Wages are forecast to grow at their fastest rate in well over a decade, but households will face higher than expected cost-of-living pressures in the coming months, sparking concerns from the Reserve Bank of a potential price-wage spiral.
Figures in the RBA’s quarterly statement on monetary policy show the bank expects wages to grow by 4.1 per cent by June and 4.2 per cent by December, according to updated forecasts, before easing to 3.8 per cent by the middle of 2025. They have not grown by 4 per cent or more since the start of 2009 and were previously forecast to reach a high of 3.9 per cent by December.
The RBA released new forecasts showing it expects higher wages growth, but sluggish economic growth over the next few years.Credit:Bloomberg
The RBA has also lifted its forecast for inflation. It is now expecting it to fall to 6.7 per cent by June, higher than the 6.3 per cent it forecast in November.
“Over the period ahead, high inflation is expected to continue to weigh on growth in real household incomes and consumption,” the report said.
“Rising interest rates are expected to add to this effect by reducing real disposable incomes for some households.”
The report noted that grocery prices, excluding fruit and vegetable, had risen 11 per cent in the past year – the biggest increase in 40 years. Discussions with businesses through its liaison program showed those prices might get higher still.
“Liaison suggests that grocery prices are likely to increase further in the near term, though at a more moderate pace than in recent quarters,” the RBA report said.
Electricity and gas prices are forecast to keep rising in the coming months, but the RBA expects wholesale costs to be dampened by the government’s price caps.
Since May last year, the Reserve Bank has lifted the official interest rate from 0.1 per cent to 3.35 per cent in its bid to tackle inflation, which reached 7.8 per cent in December.
Following Tuesday’s 0.25 percentage point increase, RBA governor Philip Lowe warned further rises were likely in the coming months. Lowe will face questions at Senate estimates and before the economics committee in Canberra next week.
The Reserve Bank wants inflation to return to its target range of 2-3 per cent and is now forecasting it will reach that range by June 2025. It wants to do so without pushing the country into a recession.
Economic growth is forecast to remain sluggish for the foreseeable future, rising to 2.3 per cent in June before falling to around 1.5 per cent and reaching 1.7 per cent by June 2025.
“The path to achieving a soft landing remains narrow,” the RBA report said. “There are considerable uncertainties surrounding the outlook and so around the level of interest rates needed to achieve the board’s objectives.”
Financial markets expect the official interest rate to be lifted to 4 per cent before the end of the year, and some economists believe there is a risk Australia will tip into a recession before the end of the year.
The bank said it was mindful that it had already made a “considerable adjustment” to rates and that it took time for rate hikes to have an effect. It said longer-term expectations for inflation and wage growth had been consistent with the bank’s inflation target, and it was vital that remained the case.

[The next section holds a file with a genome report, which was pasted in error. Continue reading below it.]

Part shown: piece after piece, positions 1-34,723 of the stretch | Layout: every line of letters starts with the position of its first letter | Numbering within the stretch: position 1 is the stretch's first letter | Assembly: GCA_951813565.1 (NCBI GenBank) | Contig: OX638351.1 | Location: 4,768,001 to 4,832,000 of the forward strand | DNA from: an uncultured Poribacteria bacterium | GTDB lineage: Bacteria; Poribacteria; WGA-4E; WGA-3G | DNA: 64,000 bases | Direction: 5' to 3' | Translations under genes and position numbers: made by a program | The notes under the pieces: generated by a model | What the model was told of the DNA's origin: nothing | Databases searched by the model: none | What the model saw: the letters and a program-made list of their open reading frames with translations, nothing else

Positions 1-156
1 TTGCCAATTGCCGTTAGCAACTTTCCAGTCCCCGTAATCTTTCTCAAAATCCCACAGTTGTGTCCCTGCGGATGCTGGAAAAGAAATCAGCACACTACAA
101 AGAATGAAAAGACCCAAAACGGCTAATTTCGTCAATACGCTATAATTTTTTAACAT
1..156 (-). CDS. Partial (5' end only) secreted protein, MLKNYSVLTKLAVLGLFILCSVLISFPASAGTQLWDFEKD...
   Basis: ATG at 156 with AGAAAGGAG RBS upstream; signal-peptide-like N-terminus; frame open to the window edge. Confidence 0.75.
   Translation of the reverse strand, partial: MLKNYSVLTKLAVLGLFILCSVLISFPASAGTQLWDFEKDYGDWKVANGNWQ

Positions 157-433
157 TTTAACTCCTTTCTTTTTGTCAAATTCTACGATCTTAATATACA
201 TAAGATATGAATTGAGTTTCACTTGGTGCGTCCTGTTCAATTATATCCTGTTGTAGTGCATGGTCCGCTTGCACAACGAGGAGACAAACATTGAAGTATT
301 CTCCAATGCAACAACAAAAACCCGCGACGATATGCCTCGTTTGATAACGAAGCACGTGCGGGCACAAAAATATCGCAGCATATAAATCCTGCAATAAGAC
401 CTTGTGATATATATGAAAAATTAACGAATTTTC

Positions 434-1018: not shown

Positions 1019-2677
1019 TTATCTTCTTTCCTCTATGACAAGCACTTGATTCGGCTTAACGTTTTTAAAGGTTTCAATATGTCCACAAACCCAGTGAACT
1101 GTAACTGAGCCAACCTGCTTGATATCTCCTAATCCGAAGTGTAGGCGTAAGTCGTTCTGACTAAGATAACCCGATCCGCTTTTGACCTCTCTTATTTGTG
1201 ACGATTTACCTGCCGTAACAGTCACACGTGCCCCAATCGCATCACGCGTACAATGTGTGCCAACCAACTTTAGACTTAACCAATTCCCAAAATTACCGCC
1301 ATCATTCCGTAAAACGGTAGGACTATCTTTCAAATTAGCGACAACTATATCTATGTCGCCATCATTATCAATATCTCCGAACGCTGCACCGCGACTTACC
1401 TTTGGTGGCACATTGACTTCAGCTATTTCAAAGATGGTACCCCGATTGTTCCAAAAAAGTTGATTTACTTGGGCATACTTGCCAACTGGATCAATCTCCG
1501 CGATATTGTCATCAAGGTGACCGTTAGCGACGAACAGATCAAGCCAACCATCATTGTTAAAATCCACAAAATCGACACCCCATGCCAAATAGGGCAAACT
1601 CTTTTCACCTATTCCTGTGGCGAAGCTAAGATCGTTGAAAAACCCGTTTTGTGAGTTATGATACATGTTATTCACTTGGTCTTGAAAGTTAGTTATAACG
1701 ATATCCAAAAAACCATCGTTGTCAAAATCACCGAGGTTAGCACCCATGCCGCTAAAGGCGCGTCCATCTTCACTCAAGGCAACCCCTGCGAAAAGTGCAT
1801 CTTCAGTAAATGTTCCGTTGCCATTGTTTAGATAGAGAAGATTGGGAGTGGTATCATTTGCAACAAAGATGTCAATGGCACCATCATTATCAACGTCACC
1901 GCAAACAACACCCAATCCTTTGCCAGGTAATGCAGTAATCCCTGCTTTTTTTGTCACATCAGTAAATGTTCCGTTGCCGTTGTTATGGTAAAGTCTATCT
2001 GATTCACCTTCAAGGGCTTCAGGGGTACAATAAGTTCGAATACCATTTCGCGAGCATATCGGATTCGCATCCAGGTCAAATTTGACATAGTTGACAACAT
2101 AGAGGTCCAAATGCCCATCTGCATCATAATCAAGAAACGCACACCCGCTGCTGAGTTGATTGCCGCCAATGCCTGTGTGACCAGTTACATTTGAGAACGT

“That said, domestically sourced inflation and wages growth are both picking up. Given the importance of avoiding a price-wage spiral, the board will continue to pay close attention to both the price-setting behaviour of firms and the evolution of labour costs in the period ahead,” the report said.
Treasurer Jim Chalmers said cost-of-living pressures remained the government’s biggest focus, adding its plan to reduce energy prices was helping take the sting out of inflation in the economy.
“Our three-point plan to tackle the inflation challenge in our economy is all about providing responsible cost-of-living relief, dealing with issues in the supply chains and making sure that we’ve got the most responsible budget that we can,” he said.
“We are not surprised but we are very pleased to see that the independent Reserve Bank has said today that our energy plan will have exactly the consequences and the impact that we wanted to in taking the edge off some of this inflation in our economy.”
Shadow treasurer Angus Taylor said the government needed to address rising interest rates and cost-of-living pressures as a top priority.
“They promised before the election lower electricity prices. They promised before the election cheaper mortgages. None of this has been delivered. These numbers today confirm exactly that,” he said.
Economists said the statement on monetary policy and a shift in the RBA’s language in the statement accompanying Tuesday’s rates decision showed it was concerned inflation could stick around.
Commonwealth Bank economists expect the RBA to lift rates at its next two meetings, taking the official cash rate to 3.85 per cent by April.
“The RBA is clearly more concerned about inflation becoming entrenched,” CBA’s head of Australian economist Gareth Aird said.
“Services inflation may appear sticky over the next six months given wages growth is likely to continue to edge higher.”
David Bassanese, chief economist for Betashares, said consumer spending remained fairly resilient over the last year despite the interest rate increases, which had allowed businesses to pass supply-related costs through to buyers.
He said that resilience might also be due to the fact rising interest rates had a less direct impact on the two-thirds of households that did not have a mortgage.
“For a broader effort in slowing economic growth, more heavy lifting would need to come from fiscal policy, though so far it’s been missing in action,” he said.
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